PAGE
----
Behind the New Law
English-Language Learners Called at Risk
Tuesday, February 18, 2003
One in a series of occasional articles on the people affected by the No Child Left Behind Act.
Emma Violand-Sanchez heads the English as a Second Language program in Arlington County, which serves nearly a quarter of the school system's students and is a source of pride among local educators.
The program stresses accountability and uses research-based curriculum and tests, just as President Bush desires, and that's why Violand-Sanchez is steaming mad about the federal No Child Left Behind Act.
Provisions in the legislation, which took effect July 1, require expensive standardized tests not aligned with Arlington's ESL curriculum, and demand that students take the exams in English before Violand-Sanchez believes they are ready. Meanwhile, she said, the program is losing tens of thousands of dollars because the law changes the way federal money is distributed.
"We have worked very diligently for the past 20 years in improving our program," Violand-Sanchez said. "And after we have worked so hard to have a program institutionalized, now we have to rework it just to meet some federal requirements that are not going to improve the program at all. Not at all."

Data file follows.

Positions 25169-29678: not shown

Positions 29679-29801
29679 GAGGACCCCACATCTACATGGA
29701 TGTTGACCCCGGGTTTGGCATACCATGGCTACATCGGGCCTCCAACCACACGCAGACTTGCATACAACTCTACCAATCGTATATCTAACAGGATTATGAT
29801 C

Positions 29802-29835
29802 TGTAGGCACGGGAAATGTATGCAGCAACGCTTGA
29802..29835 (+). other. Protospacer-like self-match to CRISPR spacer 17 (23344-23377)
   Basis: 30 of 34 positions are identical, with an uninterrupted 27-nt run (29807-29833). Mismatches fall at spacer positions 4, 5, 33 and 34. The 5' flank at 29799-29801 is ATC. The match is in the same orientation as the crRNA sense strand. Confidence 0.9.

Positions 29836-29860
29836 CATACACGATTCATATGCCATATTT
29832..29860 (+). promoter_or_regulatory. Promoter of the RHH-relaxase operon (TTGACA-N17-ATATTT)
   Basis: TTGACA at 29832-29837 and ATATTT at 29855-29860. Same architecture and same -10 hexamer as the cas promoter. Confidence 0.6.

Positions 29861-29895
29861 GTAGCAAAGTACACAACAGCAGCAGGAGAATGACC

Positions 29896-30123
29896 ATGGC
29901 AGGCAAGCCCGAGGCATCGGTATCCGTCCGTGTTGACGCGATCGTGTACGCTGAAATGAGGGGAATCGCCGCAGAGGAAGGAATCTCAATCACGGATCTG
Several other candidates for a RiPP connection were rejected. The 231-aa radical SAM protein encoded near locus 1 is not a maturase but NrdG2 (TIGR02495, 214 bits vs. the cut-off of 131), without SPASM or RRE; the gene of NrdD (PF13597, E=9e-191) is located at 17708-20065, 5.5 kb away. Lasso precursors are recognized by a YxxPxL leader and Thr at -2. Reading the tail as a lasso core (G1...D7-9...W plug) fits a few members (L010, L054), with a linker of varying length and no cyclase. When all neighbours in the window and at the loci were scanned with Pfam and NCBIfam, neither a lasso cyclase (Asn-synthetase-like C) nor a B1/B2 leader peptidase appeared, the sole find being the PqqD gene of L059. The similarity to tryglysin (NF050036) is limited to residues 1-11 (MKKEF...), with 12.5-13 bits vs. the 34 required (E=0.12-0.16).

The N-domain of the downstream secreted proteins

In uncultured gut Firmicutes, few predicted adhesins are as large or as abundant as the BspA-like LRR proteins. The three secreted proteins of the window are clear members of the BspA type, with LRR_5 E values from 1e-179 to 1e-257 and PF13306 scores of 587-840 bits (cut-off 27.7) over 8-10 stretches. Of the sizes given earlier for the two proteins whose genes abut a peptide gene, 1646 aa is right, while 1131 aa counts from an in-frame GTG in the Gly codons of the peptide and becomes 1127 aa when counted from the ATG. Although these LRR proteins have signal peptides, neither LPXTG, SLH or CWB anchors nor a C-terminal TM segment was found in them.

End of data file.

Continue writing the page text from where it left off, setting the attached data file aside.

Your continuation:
The changes she decries will soon affect the nearly 5 million students nationwide whose first language is not English, the fastest-growing student population in primary and secondary schools in the United States.
Federal education officials say the No Child Left Behind law will improve existing programs for what it calls English-language learners (ELL), many of whom have been virtually ignored by public schools in the past. "The intent is that children whose first language is not English are counted and that they achieve the same as we expect all children to achieve," said Maria Hernandez Ferrier, director of the office of English language acquisition at the U.S. Department of Education.
Some of the law's provisions say:
All students in grades 3 through 8 must be tested annually, in English, in reading and math.
Over the next several years, these standardized test results will be counted in increasing numbers in the determination of whether a school is labeled a success or failure under the law.
Schools must assess all ELL students every year in English proficiency.
States must establish annual achievement objectives for ELL students related to gains in English proficiency, measured by state content standards.